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Galápagos Lava Lizard

Microlophus albemarlensis (female)

Description:

The females look quite different, being less colourful and smaller (this specimen measured around 7cm, excluding the tail). They do, however, display these bright orange/red cheek patches, which are also an indicator for sexual maturity. Base colour is a yellowish brown with grey. The scales are keeled and pointy, but the overall appearance is not as 'spiky' as the males.

Habitat:

Found on lava rocks at Darwin Research Station. This species is endemic to the Galápagos Islands.

Notes:

Lava lizards belong to the Iguanidae family, being related to Iguanas. Some authors consider the Santa Cruz population to be a different species - Microlophus indefatigabilis.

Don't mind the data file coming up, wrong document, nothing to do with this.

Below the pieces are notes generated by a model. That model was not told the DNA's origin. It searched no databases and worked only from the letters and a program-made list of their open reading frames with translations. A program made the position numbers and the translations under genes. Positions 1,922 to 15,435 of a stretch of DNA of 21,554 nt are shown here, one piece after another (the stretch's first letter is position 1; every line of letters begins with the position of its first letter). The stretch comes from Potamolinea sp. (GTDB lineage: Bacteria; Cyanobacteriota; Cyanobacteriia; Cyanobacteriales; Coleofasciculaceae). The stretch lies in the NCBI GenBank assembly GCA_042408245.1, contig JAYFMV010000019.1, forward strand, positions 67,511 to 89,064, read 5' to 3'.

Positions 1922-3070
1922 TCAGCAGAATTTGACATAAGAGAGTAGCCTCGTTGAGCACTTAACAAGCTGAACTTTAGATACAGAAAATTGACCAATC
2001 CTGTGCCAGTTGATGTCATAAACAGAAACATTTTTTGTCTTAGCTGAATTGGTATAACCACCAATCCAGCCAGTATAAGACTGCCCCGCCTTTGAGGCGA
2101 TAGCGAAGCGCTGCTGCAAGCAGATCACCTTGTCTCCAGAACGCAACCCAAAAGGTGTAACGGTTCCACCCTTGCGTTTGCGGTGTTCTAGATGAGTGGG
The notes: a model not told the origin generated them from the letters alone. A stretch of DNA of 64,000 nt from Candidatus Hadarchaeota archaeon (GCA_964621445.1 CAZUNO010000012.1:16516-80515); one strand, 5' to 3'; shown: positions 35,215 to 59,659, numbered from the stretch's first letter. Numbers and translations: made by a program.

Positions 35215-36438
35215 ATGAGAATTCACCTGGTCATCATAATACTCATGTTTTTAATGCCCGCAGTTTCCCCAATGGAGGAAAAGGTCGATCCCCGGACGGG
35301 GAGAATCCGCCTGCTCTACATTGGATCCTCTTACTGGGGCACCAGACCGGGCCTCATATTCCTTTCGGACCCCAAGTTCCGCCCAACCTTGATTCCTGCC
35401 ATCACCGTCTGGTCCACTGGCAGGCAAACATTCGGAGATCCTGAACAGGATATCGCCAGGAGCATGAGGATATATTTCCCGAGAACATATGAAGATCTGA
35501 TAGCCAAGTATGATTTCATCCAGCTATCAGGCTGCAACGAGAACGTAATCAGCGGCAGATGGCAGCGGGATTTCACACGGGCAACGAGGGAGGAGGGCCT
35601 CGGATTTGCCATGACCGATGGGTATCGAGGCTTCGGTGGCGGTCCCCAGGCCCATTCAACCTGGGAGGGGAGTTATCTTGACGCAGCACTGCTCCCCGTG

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4 Comments

Felix Fleck
Felix Fleck 4 years ago

Thanks, Daniele! I find it very interesting how much variation can be found in a single species of Lava Lizard.

DanielePralong
DanielePralong 4 years ago

Great to see all your contributions to the Galapagos Biodiversity mission Felix!

Felix Fleck
Felix Fleck 4 years ago

Thanks, Zlatan :-)

Zlatan Celebic
Zlatan Celebic 4 years ago

wow, beautiful one.

Felix Fleck
Spotted by
Felix Fleck

Parroquia Puerto Ayora, Galápagos, Ecuador

Spotted on Jun 18, 2017
Submitted on Jun 18, 2017

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